The fact remains that the House Edge is immutable, and ANY GAMBLING SYSTEM that bucks a negative expectation can (and, on the Forums, probably will) be mathematically discredited. They're all useless and will all lose to the tune of the House Edge combined with the average amount bet, per system trial.

The simplest answer is sometimes the best.

PLAYING FOR COMPS IS (PROBABLY) NOT AN ADVANTAGE PLAY:

Many players experience a false sense of added value when they get something for free, and it certainly is nice to do so, but that doesn't necessarily make the value of that, "Something," any good.

For example, a room at the Venetian in Las Vegas is listed at a base rate of \$169 + Tax for this date (3/12/15) for same-day booking.

Some people might look at that rate and say, "That's outrageous! I can go stay at Caesar's Palace for about \$140, out the door, tonight!" (Caesar's Palace rates based on same date of stay and same approximate booking time)

That person might say, "Even the rooms at Caesar's are ridiculously priced for a Thursday with no special events, I'm still going to look elsewhere."

However, if the room is, "Free," all of these value/price considerations often go out the window.

The problem is this concept of a, "Free," room, it's not a, "Free," room, it's a COMPED room. A grocery store could give you a complimentary 5lb. bag of Idaho Potatoes with a \$20 purchase, you still have to spend \$20 at the store.

Gambling for comps is fundamentally no different. The House Edge is the cost for time at the table and the opportunity to potentially win.

Let's say a Craps player bets \$25 on the Field, every bet, without deviation. Pursuant to this chart on our companion site:

With seven people at the table, that player will see 135 rolls per hour and will put 135 * 25 = \$3,375 in action, per hour.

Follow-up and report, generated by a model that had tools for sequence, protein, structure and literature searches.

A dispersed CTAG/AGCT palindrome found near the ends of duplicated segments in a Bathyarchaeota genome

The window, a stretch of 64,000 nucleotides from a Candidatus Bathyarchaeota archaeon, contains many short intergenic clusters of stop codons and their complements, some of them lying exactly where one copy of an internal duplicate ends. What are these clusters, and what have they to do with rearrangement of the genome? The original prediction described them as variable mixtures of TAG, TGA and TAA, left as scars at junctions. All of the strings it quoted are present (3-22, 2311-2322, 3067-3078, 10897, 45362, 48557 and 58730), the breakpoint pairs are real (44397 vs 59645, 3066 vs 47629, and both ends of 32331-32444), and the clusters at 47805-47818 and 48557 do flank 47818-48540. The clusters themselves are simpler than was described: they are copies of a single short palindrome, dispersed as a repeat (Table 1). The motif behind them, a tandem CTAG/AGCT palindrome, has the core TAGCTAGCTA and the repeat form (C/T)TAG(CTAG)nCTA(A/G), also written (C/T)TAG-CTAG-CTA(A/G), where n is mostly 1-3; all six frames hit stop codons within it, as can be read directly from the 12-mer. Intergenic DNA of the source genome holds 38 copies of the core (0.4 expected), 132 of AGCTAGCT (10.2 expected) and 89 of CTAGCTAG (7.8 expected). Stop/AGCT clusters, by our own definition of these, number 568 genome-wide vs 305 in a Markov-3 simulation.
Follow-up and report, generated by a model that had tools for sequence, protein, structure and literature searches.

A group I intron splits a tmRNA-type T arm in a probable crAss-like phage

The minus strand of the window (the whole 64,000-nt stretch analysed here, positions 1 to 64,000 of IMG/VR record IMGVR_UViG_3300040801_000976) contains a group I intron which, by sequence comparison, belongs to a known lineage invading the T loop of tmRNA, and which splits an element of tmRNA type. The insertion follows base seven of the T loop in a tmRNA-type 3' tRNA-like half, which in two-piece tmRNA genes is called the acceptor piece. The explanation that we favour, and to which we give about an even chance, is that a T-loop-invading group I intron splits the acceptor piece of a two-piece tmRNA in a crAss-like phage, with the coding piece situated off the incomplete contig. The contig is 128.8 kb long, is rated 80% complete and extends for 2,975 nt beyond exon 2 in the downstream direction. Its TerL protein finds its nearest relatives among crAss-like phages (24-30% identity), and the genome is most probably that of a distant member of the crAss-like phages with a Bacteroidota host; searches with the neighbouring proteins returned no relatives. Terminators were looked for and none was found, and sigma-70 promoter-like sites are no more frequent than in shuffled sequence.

This player might be at the Craps table for three hours, and then he talks to someone to ask about a room for the night because he has a hotel, but he doesn't feel like going there that night, he's tired. The casino in question, let's say the Venetian, decides to give him a free room for his action. The player is elated because, he's actually ahead \$300-\$400 (for purposes of this example, not expectation) and he gets a, "Free," room.

The problem is, if this player played Craps at this same rate every day, with a Field that Triples 12 and Doubles 2, or vice-versa, he is expected to lose to the tune of a 2.7778%, expressed as .027778 House Edge.

If the player does this enough, he will lose (3375 * 3) * .027778 = \$281.25225 per day, playing three hours.

This player's, "Free," room actually cost him over 150% of what it would have compared to buying it straight-up. The player certainly garnered some entertainment value out of playing Craps, but unless he values same at \$281.25225 less what he WOULD HAVE been willing to pay for the room, not only is he at an expected loss...he's at an expected loss greater than the value he would have preemptively ascribed to the room plus playing.

You can rest assured the casino got tremendous value out of this room. If the cost of, "Giving," the room to this player is less than the player's expected loss, (and you'd have a good bet to say it is and almost always will be) then the casino has both made money (pursuant to expectation) and they have a happy player who is likely to return.

However, this is not to say that the relative value of these promotions cannot be any good. For instance, I used to play at a casino in which, if you played on the right day, you would get a hotel room and a free buffet for \$1000 coin-in. I was actually at a minute advantage due to points convertible to Free Play and point multipliers, but even if not, I could play this promotion with an expected loss of about \$15.60. I would happily pay \$25, cash, for a room there and perhaps as high as \$10 for a buffet, which is a total of \$35, so my relative value was excellent.

At an expected loss of \$15.60 if it were not a point multiplier day, the casino would have probably essentially broke even on me in terms of expectation, but that's not usually going to be the case. Comps will usually cost you more than they cost the casino.

The key is, do not play for comps assuming that you are at an advantage, and if you do play for comps, know what your expected loss is and at least make sure your expected loss is less than the relative value that you would ascribe to these comps.

Finally, we're not going to say that you can never play for comps at an advantage. For example, if I knew someone that would pay me \$50 for one of the rooms that I got at an expected loss of \$15.60, then I'd be making \$34.40, expected, on the deal and would be playing at a 3.44% advantage, absent other considerations.